Welcome to Anthroenology, a research project on wine and issues of sustainability, morality and the redefinition of taste.
In the project we are interested in the intersection of sustainability, the sensual experiences of consumption and the redefinition of taste and look at this through a focus on two related wine-making movements: biodynamic and ‘natural’ wine.
The project asks a deceptively simple question about consumption and political economy: when beliefs or ethics come into conflict with taste or similar expectations, which one wins, and why? Or, asked in a slightly different matter: how do our beliefs about the world affect the way we taste? The project is thus concerned with key issues in contemporary economic anthropology, but does through a lens that we believe to be unique: the intersection of beliefs and the actual sensory experiences of consumption.
The wines the project focuses on – and particularly, the loose category known as ‘natural wine’ – can taste radically different from more conventionally produces ones. Wine thus presents a unique opportunity to examine the inter-relationship between environmental concerns (sustainability) and the sensual aspects of food and drink, or consumption more broadly.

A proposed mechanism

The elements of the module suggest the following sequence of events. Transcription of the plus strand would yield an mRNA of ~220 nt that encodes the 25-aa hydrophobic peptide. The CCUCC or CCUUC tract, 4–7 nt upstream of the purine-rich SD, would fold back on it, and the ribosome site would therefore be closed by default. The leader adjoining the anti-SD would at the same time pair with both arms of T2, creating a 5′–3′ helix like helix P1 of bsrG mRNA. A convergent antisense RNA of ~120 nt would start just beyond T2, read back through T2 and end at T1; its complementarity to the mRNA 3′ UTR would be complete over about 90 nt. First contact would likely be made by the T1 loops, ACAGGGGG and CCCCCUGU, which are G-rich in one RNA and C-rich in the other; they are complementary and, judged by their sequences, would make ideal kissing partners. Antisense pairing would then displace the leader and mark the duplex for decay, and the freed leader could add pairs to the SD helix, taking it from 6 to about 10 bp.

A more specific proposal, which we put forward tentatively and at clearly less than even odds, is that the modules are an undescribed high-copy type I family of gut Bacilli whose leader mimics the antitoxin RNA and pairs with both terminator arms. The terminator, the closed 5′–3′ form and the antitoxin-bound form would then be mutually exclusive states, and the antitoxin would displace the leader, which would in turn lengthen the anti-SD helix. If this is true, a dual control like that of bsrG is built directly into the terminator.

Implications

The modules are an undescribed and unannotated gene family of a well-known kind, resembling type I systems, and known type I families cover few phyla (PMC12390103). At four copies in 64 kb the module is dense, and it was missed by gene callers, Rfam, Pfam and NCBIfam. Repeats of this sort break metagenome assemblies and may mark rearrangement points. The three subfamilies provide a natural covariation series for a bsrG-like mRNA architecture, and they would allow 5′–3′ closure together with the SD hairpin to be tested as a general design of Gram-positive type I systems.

Some of the issues we seek to understand in this project include: If natural wine makers intend to continue to produce wines that are rejected by some consumers and even critics as bad, how might they engage with and shift current conceptions of taste? Do and can ethical appeals (to issues of sustainability) impact our perception of how a product (wine) should taste? To what degree do producers contribute to understandings of natural, biodynamic or otherwise ‘sustainable’ wines, particularly where agreed upon international standards (for sustainable and natural wines) are lacking, and, when present, certification is not always sought by producers?